The Light After the War: A Novel
“this novel is definitely a page-turner.”
In a recent and largely disparaging New York Times review of the children’s graphic novel White Bird, novelist Boris Fishman questioned whether quality literature is “a luxury” that the Holocaust canon can’t afford to insist on, “when there are American educators who don’t believe the Holocaust happened.”
By that standard, is there room on Holocaust library shelves for a book like The Light After the War, which is basically a romance novel that uses the Holocaust as a dramatic backstory to sweep its beautiful young heroine, Vera Frankel, from the Budapest ghetto to struggling postwar Naples to upper-class Caracas to booming Sydney?
Vera and her best friend, Edith Ban, grow up in well-off Jewish families in Budapest dreaming of being a playwright (Vera) and a fashion designer (Edith). They survive World War II through the kind of lucky break that constantly propels the narrative: Their mothers manage to shove them out the door of their cattle car en route to Auschwitz by tricking a Nazi guard. On the ground, the two 17-year-olds conveniently find a sympathetic Austrian farmwife who shelters them for the next two years, despite her husband’s reluctance.
An American captain in the Army of Occupation comes into the bakery where the spunky yet virginal Vera is working, in a village near the farm. Impressed with her excellent English, he agrees to look for her parents, since he is headed to Budapest. When he learns that her mother is dead, the captain offers Vera the only consolation he can: a letter of recommendation to his friend Captain Anton Wight, who heads the U.S. embassy in Naples.
Anton is a romance-novel dreamboat: tall, wealthy, and square-jawed, with pristine white teeth, “serious pale blue eyes,” and hair that “was golden in the sunlight that streamed through the window.” He loves classical music and is deeply disturbed by the destruction wreaked by the war.
Although Anton and Vera meet on page three, it will take nearly 300 pages of overly high-minded scruples, unbelievable obtuseness, tight-waisted frocks, and more lucky coincidences—plus a hot-blooded Latin lover with “liquid brown” eyes—before they inevitably reunite. (This is not a spoiler alert; in a romance novel, of course the lovers reunite.)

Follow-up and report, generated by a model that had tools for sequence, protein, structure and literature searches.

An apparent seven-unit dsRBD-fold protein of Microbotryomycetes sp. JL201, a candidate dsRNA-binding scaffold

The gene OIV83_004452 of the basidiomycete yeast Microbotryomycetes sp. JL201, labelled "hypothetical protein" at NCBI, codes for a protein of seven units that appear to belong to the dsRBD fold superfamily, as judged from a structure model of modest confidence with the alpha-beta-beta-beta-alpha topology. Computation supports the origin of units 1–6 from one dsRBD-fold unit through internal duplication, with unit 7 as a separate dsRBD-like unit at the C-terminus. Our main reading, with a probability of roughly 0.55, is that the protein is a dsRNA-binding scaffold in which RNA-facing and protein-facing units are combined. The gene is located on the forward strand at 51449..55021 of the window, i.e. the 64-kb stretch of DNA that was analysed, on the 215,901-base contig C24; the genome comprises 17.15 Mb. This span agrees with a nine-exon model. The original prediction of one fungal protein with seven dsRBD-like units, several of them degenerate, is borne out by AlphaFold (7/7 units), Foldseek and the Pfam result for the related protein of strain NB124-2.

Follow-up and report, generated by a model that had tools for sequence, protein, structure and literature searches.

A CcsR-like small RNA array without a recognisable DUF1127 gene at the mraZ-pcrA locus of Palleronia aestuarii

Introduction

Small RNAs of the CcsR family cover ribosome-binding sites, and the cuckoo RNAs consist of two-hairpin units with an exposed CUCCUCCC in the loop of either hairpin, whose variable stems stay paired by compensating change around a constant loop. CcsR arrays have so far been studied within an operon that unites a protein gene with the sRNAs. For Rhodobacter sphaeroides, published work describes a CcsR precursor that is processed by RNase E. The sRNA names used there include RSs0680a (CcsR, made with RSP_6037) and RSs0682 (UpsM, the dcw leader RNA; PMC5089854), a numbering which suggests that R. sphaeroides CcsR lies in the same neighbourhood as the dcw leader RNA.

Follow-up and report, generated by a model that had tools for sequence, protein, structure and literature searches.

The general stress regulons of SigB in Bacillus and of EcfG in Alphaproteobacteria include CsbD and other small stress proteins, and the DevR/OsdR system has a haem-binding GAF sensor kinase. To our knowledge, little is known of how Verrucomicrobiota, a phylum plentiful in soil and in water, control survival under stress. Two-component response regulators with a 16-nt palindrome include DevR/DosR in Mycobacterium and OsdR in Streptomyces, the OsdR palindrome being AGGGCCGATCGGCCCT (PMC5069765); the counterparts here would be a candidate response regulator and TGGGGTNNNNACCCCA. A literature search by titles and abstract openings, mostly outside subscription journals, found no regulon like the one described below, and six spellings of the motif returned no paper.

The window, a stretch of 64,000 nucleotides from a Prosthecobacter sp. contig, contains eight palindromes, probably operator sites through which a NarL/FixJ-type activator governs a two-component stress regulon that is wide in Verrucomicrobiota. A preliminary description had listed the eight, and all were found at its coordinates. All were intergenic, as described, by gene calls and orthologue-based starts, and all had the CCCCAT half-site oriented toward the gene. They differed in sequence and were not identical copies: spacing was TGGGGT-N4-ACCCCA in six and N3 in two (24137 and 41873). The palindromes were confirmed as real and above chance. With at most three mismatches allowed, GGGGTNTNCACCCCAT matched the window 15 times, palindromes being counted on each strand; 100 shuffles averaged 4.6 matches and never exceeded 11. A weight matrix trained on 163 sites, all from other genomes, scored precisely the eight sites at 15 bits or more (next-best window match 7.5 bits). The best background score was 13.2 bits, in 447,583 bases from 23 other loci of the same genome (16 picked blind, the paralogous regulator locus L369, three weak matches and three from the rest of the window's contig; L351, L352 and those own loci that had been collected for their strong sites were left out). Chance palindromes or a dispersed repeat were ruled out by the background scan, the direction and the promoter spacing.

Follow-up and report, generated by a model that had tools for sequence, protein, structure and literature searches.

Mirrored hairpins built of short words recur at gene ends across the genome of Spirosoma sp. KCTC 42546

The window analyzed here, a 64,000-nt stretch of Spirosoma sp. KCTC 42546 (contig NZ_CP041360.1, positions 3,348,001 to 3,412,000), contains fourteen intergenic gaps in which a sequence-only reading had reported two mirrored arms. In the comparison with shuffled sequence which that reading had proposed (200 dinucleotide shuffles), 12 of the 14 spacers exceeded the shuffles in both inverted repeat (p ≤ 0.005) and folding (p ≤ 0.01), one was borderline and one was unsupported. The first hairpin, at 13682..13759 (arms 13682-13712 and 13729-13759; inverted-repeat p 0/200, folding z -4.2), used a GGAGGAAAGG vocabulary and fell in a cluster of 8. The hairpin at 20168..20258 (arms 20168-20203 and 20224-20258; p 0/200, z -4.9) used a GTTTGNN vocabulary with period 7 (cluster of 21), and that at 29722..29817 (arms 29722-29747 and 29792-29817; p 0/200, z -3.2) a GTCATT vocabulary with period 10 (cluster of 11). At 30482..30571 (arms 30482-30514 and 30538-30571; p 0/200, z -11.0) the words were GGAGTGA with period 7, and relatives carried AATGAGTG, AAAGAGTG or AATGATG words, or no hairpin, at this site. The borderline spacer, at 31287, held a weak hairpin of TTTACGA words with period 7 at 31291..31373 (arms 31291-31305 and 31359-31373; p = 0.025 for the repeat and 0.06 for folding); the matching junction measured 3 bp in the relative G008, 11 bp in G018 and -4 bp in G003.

Author Anita Abriel says the book was “inspired by” the story of how her mother and a friend survived the Holocaust, particularly the escape from the cattle car. Vera and Edith are named for Abriel’s mother and her friend.
For all its clichés of language and characterization, this novel is definitely a page-turner. As well, the far-flung settings provide an interesting change from the usual Holocaust locales of Poland, France, and Germany. When Vera is hired as a copywriter at the J. Walter Thompson ad agency, Abriel richly conveys the era’s restrictions on working women. And Vera’s brief recollections of the growing anti-Semitism in Hungary, along with her survivor’s guilt, are certainly a real part of the Holocaust story.
But does such a combination deserve to be added to a Holocaust reading list?
Yes—and today more than ever. It takes a diversity of voices to tell all the stories of the Holocaust. Indeed, maybe counterintuitive books like The Light After the War are actually more valuable than the classics if they make a whole new readership aware of the horrors of the Nazi terror and ethnic hatred.
As one survivor points out in this novel, in explaining why she wears diamond earrings and a mink stole at dinner every night on an ocean liner to Caracas, even though her entire family was wiped out, “Would they be any less dead if I stayed in my cabin and cried?”
It’s okay to read about diamond-wearing socialites in a book about the Holocaust and even to wear diamonds while doing so. The important thing is the reading.